Judge: Nevada Supreme Court will make next execution ruling
LAS VEGAS (AP) — A Nevada judge whose order blocking one of three drugs from a never-before-tried lethal injection protocol stalled the state’s first scheduled execution in 11 years said Tuesday the next ruling in the case will be by the state’s highest court.
Clark County District Court Judge Jennifer Togliatti told state and local prosecutors pushing for the execution and a team of federal public defenders representing Scott Raymond Dozier that she’s done with arguments until the Nevada Supreme Court reviews her decision not to allow the use of the muscle paralytic drug cisatracurium.
Togliatti canceled a Jan. 17 hearing that had she had set. The seven-member Supreme Court didn’t immediately schedule a hearing on a 52-page appeal filed Friday by state Attorney General Adam Laxalt’s office.
State prisons officials want to follow high intravenous doses of the sedative diazepam, commonly known as Valium, and the painkiller fentanyl, a powerful opioid blamed for overdose deaths nationwide, with the paralytic. None of the drugs has been used before in an execution in any state.
Togliatti said she knows the Nevada ruling will be closely watched. Other states have struggled in recent years to identify and obtain drugs from pharmaceutical companies that don’t want their products used for the death penalty.
Nebraska, for example, recently proposed using the same diazepam-fentanyl-cisatracurium protocol as Nevada, while adding potassium chloride to stop the heart for a yet-to-be scheduled execution next year.
“There are other executions, presumably, that will go forth in this state,” Togliatti said in Las Vegas. “This is a new protocol that seems to me may be one that may be a viable one for this state and other states in the future. I’m going to ask you to go forth to the Supreme Court ... and if they direct me to have evidentiary hearings, I will.”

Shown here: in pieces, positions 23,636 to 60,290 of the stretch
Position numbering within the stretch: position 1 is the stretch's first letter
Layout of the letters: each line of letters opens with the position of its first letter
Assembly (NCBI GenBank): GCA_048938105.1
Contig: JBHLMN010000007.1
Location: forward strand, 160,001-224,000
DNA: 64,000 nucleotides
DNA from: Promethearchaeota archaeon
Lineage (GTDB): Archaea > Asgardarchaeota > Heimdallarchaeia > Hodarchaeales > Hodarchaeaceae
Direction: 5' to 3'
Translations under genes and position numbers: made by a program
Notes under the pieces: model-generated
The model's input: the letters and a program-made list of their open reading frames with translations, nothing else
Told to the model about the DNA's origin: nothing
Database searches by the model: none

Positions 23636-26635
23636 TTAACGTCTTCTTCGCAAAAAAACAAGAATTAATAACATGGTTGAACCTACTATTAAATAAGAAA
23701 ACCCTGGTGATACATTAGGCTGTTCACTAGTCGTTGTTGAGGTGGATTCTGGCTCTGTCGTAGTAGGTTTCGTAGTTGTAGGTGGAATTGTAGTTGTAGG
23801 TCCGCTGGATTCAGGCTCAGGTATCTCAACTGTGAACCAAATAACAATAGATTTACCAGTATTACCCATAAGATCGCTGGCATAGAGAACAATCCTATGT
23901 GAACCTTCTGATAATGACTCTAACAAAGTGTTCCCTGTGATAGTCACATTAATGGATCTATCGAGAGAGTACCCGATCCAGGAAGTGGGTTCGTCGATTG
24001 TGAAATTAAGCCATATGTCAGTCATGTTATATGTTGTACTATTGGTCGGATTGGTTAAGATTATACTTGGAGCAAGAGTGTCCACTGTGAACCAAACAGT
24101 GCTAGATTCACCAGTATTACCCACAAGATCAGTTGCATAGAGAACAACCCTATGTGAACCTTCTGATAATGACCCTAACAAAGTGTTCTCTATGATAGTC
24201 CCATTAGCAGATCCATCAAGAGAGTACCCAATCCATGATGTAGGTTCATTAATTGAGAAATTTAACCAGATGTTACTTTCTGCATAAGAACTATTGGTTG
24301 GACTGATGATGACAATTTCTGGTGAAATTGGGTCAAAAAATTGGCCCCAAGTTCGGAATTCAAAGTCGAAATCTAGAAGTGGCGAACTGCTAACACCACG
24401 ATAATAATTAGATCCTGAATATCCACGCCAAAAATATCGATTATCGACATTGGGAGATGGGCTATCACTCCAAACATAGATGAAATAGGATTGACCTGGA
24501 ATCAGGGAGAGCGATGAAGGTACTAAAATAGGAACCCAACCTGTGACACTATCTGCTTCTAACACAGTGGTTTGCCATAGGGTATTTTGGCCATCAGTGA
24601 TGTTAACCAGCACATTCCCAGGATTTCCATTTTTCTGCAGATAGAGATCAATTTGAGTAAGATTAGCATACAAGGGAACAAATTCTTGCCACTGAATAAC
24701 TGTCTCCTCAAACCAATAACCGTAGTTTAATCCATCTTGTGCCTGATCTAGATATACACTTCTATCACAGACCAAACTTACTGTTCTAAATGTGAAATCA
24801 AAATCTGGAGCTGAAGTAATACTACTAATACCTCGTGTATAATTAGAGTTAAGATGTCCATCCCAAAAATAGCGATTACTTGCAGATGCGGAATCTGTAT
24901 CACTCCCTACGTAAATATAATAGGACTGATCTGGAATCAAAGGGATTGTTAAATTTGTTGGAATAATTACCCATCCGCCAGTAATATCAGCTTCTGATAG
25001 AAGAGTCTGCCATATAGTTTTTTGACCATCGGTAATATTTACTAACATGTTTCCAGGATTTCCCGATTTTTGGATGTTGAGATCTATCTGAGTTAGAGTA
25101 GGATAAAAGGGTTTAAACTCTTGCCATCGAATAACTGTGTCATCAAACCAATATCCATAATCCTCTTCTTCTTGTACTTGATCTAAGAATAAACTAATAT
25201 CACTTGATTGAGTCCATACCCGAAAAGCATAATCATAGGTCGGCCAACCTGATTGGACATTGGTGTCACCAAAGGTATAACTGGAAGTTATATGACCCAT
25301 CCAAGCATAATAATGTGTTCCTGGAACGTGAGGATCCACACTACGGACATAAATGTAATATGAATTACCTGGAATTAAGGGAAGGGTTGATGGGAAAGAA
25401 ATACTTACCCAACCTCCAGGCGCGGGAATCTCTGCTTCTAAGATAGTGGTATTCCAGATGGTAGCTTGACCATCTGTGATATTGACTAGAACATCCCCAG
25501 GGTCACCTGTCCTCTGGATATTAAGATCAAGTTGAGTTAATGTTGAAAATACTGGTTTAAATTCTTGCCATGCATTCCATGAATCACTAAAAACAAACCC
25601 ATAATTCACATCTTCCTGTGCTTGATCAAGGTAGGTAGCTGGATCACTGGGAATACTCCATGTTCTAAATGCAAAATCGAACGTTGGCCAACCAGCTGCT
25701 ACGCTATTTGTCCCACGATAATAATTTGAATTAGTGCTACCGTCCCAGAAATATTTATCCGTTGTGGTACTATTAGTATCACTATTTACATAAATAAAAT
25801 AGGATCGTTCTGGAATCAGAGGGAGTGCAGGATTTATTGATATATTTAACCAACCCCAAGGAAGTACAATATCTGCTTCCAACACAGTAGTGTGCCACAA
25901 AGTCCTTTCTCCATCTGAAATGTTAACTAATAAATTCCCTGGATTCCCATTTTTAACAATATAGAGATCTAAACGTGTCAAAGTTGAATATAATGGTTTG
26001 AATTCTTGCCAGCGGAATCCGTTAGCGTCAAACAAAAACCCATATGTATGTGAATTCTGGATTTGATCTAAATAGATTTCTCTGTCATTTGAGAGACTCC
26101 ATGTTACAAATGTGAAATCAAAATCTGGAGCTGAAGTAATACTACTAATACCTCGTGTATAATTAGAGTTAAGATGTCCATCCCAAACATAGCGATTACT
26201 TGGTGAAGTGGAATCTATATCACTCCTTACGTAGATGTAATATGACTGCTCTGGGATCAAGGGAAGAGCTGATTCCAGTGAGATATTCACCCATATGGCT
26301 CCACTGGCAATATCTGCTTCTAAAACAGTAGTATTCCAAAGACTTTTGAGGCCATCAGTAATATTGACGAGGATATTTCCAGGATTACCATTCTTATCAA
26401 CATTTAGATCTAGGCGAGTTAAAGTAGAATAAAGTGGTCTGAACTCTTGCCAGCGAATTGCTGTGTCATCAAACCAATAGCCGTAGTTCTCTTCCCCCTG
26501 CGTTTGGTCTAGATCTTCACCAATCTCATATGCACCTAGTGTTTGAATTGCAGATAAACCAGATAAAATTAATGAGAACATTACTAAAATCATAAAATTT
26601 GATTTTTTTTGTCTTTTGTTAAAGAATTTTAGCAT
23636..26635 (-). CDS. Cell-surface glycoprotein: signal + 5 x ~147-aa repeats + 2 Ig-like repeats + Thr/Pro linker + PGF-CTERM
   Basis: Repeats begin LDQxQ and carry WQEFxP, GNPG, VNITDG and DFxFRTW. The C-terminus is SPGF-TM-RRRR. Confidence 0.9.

Dozier, a 47-year-old twice-convicted murderer whose Nov. 14 execution was canceled, insists he wants his sentence carried out. He did not appear in person or by video from Ely State Prison for Tuesday’s procedural hearing.
“Clearly, Mr. Dozier is signing up for a medical experiment,” said Dr. Jonathan Groner, a Columbus, Ohio, surgeon and lethal injection expert. He has said combining diazepam and fentanyl could induce vomiting or other complications, while the paralytic could disguise any suffering the inmate might experience.
Cisatracurium would prevent muscle movement including the diaphragm, and ensure that breathing stops, according to Dr. John DiMuro, an anesthesiologist who developed the protocol before quitting as Nevada’s top doctor in October.
Togliatti ruled just days before Dozier’s scheduled execution that the state could go forward if officials wanted to use just the diazepam and fentanyl.
Laxalt’s office is asking the Supreme Court to allow all three drugs — and quickly, because the stock of cisatracurium on hand begins expiring April 1 and the diazepam expires May 1.
Togliatti has said she was swayed by testimony from Dr. David Waisel, a Harvard University anesthesiology professor presented as an expert witness by federal public defenders challenging Nevada’s three-drug protocol.
He testified diazepam and fentanyl should be enough to cause death, while the paralytic could leave Dozier aware of pain but unable to move while he suffocates.
This version corrects that cisatracurium begins expiring April 1 one that diazepam expires May 1.